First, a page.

Our task for this week was to calculate a Total Addressable Market (TAM) for our needs statement, which is the overall revenue opportunity that is available to a product or service if 100% market share was achieved. I was curious about the TAM that an alternative solution to the aforementioned needs statement could potentially target, and I have outlined this calculation below. Since the air bubbles occur within tubing and manifolds used throughout the procedure, I will designate a standard manifold kit as the product.
TAM is calculated as the number of units per year for a product or service multiplied by the cost of this product/service.
According to a report from the American Heart Association (AHA) by Mozaffarian et al., approximately 1 million diagnostic cardiac catheterization procedures are performed annually. This would be the number of units per year.
A standard manifold kit costs approximately $200. This would be the cost per use, per cardiac cath procedure.
Using the above numbers, the TAM can be calculated as:
TAM = 1,000,000 * $200 = ~ $200 million
Mozaffarian D, Benjamin EJ, Go AS, et al. Heart Disease and Stroke Statistics – 2016 Update. Circulation. 2016;133(4):e38-e360. doi:10.1161/CIR.0000000000000350
Standard Manifold Kits. Rehabmart.com. Accessed July 31, 2022. https://www.rehabmart.com/product/standard-manifold-kits-39752.html
Week 6: Done in a heartbeat Heading link
My immersion in cardiology this summer was highly rewarding. I had the privilege of witnessing the most sophisticated and advanced technologies, as well as the most unique cases in cardiology. Between clinic, the cath lab, and the EP lab, my experiences were always new and exciting. When I first began my immersion, I wanted to apply and connect my medical knowledge to the clinical cases I was witnessing, and I was eager to get a more immersive view into what my future medical career might look like. However, soon enough the many pain points of the medical procedural environment revealed themselves, and I therefore returned to my engineering roots. Alongside my team, I probed the medical personnel with questions and ideas, and suddenly my notebook was filled with problem spaces and areas of improvement.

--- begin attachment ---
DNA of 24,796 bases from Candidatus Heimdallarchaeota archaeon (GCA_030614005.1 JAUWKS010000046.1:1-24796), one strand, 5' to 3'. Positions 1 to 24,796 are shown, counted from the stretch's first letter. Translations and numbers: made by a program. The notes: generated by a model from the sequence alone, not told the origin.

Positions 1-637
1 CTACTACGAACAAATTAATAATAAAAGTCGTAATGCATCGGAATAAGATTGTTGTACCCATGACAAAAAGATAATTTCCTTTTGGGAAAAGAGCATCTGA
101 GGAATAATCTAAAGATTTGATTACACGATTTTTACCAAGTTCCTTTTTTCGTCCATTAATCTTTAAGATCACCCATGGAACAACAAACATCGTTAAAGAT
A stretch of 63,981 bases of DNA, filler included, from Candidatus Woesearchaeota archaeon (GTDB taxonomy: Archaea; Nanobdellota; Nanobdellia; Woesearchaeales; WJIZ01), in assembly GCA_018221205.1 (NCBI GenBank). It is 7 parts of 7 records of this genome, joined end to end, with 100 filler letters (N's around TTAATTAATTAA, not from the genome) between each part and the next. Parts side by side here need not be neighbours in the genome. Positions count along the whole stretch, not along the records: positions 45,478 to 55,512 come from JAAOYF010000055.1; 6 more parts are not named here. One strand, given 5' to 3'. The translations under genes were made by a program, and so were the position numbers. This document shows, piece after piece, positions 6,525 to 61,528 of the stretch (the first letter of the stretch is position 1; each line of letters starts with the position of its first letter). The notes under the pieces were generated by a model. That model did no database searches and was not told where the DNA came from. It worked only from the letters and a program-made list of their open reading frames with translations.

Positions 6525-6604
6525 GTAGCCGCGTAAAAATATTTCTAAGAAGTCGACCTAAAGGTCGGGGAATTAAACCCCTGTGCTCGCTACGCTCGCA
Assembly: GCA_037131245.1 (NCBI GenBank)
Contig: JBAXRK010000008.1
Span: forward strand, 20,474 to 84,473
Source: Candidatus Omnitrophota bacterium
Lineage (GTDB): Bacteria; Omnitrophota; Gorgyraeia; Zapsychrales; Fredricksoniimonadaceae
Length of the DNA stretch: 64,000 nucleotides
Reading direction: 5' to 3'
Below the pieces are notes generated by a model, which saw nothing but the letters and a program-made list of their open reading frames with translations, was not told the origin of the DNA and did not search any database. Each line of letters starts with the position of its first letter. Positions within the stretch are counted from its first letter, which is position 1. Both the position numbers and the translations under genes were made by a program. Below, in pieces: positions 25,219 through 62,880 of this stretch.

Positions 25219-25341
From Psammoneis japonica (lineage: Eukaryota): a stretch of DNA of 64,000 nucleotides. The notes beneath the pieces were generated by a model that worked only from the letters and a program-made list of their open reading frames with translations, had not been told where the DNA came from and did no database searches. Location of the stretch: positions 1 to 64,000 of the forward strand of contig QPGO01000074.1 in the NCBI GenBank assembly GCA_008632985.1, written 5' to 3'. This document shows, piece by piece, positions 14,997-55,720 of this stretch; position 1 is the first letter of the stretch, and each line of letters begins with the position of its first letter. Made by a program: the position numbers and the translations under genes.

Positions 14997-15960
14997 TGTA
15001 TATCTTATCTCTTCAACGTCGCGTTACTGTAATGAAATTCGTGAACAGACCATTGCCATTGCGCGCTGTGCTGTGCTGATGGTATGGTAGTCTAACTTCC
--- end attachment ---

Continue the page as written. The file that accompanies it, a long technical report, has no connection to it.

My first lesson learned is that nothing is perfect, no matter how complex and sophisticated it seems. At first, it took time to understand the nuances of catheters and ablation, and why everything was done the way it was. But in doing so, we were able to identify issues in almost every procedure we observed. Of course, without doing these procedures ourselves, we could never completely understand all of the intricacies of every step, yet every observation still presented a unique problem to think about. This was why the different staff we interviewed had different outlooks on what needed to be improved and innovated, and sometimes this did not align with our own team’s goals. The trick was not to branch off of one individual’s experiences, but to put them all together to get an idea of the whole picture.
For future CIP members, I recommend standing close to the physicians and the rest of the medical personnel, and truly soaking in all of the clinical experience you get. Ask what, ask how, and ask all of the why’s. Most importantly, ask to wear the lead apron to get close to the patient bed!